In the meantime the Dahcotah had been trying to persuade his wife to come to him, and return to the lodge; but she refused to do so, and sat combing her long hair. The child had cried itself to sleep; and the Dahcotah, worn out with fatigue and grief, thought he would go to sleep too.
After a while a woman came and touched him on the shoulder, and awaked him as of old. He started and looked at her, and perceiving it was not his wife, felt inclined to take little notice of her.
“What,” said she, “does a Dahcotah warrior still love a woman who hates him?”
“Moccasin Flower loves me well,” replied the Dahcotah; “she has been a good wife.”
“Yes,” replied the woman, “she was for a time; but she sighs to return home her heart yearns towards the lover of her youth.”
Chaske was very angry. “Can this be true?” he said; and he looked towards the beaver dam where his wife still sat. In the meantime the woman who had waked him, brought him some food in bark dishes worked with porcupine.
“Eat,” she said to the Dahcotah; “you are hungry.”
But who can tell the fury that Moccasin Flower was in when she saw that strange woman bringing her husband food. “Who are you,” she cried, “that are troubling yourself about my husband? I know you well; you are the ‘Bear-Woman.'”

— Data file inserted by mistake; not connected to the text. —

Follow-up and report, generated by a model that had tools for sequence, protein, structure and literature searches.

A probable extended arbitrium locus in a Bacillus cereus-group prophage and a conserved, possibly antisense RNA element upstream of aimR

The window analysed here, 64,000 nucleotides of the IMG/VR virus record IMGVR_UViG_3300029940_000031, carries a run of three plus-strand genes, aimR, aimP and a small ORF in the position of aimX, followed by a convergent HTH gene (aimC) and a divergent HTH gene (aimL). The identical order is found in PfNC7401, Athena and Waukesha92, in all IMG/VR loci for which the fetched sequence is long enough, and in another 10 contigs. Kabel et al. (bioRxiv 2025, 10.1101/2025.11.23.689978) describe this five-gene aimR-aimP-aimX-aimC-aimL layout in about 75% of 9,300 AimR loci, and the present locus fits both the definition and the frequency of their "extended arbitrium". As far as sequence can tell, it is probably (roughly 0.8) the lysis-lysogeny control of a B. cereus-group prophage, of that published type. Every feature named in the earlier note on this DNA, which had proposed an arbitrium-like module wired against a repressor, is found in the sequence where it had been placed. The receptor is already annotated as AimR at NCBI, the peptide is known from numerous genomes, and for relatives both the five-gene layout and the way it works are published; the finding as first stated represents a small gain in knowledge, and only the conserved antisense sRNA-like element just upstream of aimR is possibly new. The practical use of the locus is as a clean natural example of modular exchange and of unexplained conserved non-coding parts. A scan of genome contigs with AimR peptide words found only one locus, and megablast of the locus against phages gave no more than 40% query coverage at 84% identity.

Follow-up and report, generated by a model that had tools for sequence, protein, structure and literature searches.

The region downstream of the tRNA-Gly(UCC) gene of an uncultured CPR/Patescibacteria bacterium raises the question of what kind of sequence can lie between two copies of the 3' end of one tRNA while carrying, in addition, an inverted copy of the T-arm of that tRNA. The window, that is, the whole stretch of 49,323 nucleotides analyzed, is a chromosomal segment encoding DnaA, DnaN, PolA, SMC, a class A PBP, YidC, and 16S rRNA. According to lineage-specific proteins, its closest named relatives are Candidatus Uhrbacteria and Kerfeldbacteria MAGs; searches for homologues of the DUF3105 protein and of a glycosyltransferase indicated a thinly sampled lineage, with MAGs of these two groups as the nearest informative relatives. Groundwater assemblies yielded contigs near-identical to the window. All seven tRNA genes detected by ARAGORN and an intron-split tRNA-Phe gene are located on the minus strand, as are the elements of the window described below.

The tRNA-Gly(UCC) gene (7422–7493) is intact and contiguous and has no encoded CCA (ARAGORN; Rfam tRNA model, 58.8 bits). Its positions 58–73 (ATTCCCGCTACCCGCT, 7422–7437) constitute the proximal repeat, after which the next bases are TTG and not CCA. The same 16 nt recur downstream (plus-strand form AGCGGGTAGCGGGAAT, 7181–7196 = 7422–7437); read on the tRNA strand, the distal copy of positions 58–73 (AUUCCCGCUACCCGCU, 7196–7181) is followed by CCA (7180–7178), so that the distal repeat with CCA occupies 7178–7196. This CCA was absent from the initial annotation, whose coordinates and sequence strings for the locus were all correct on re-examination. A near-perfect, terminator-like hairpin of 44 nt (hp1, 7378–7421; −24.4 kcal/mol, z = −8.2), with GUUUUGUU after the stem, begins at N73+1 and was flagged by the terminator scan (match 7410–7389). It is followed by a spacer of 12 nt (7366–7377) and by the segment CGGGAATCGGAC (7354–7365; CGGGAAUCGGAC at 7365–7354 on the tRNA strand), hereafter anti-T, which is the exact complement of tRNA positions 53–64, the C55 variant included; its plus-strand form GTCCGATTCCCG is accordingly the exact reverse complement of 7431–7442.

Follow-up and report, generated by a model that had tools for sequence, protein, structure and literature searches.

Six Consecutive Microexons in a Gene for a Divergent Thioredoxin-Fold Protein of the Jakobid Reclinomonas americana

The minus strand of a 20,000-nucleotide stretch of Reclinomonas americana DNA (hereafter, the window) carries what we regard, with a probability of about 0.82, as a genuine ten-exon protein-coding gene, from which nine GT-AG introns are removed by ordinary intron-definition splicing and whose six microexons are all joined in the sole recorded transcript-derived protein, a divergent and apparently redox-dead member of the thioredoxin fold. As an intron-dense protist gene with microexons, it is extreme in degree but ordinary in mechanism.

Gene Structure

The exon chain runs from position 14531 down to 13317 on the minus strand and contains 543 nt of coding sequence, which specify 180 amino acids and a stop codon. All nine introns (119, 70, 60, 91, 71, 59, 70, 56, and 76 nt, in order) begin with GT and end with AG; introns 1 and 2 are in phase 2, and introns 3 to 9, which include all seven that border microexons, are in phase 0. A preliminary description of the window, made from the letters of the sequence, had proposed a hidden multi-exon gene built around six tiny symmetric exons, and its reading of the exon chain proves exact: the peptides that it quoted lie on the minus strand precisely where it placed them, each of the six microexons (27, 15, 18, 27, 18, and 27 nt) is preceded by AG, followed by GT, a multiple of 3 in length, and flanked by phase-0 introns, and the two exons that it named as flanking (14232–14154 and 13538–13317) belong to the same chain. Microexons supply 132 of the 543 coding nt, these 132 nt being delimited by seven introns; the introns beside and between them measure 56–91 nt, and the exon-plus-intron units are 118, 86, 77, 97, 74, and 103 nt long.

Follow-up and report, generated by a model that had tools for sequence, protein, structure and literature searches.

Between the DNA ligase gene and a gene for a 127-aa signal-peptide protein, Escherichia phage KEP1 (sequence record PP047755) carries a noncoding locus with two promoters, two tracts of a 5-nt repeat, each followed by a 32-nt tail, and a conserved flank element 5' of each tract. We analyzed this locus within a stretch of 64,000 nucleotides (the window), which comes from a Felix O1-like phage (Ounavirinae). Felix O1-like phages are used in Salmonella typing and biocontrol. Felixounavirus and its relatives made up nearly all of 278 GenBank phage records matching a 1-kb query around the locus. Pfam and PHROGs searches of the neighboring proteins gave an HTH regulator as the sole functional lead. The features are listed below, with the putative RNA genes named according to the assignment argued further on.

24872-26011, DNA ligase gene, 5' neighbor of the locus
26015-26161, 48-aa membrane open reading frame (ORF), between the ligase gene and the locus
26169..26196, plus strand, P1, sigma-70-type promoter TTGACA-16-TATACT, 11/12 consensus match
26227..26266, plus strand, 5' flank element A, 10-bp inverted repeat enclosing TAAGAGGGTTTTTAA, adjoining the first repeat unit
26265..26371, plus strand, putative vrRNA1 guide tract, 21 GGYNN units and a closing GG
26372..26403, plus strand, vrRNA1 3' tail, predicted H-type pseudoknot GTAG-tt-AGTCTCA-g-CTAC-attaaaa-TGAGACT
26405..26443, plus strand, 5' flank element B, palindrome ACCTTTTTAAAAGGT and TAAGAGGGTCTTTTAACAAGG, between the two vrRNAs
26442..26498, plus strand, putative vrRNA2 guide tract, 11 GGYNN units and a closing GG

“And if I am,” said the Bear woman, “do not the souls of the bears enjoy forever the heaven of the Dahcotah?”
Poor Chaske! he could not prevent their quarrelling, so, being very hungry, he soon disposed of what the Bear woman had brought him. When he had done eating, she took the bark dishes. “Come with me,” she said; “you cannot live in the water, and I will take you to a beautiful lodge, and we will be happy.”
The Dahcotah turned to his wife, but she gave him no encouragement to remain. “Well,” said he, “I always loved adventures, and I will go and seek some more.”
The new wife was not half so pretty as the old one. Then she was so willful, and ordered him about as if women were anything but dogs in
comparison with a Dahcotah warrior. Yes, he who had scorned the Dahcotah girls, as they smiled upon him, was now the slave of a bear-woman; but there was one comfort there were no warriors to laugh at him.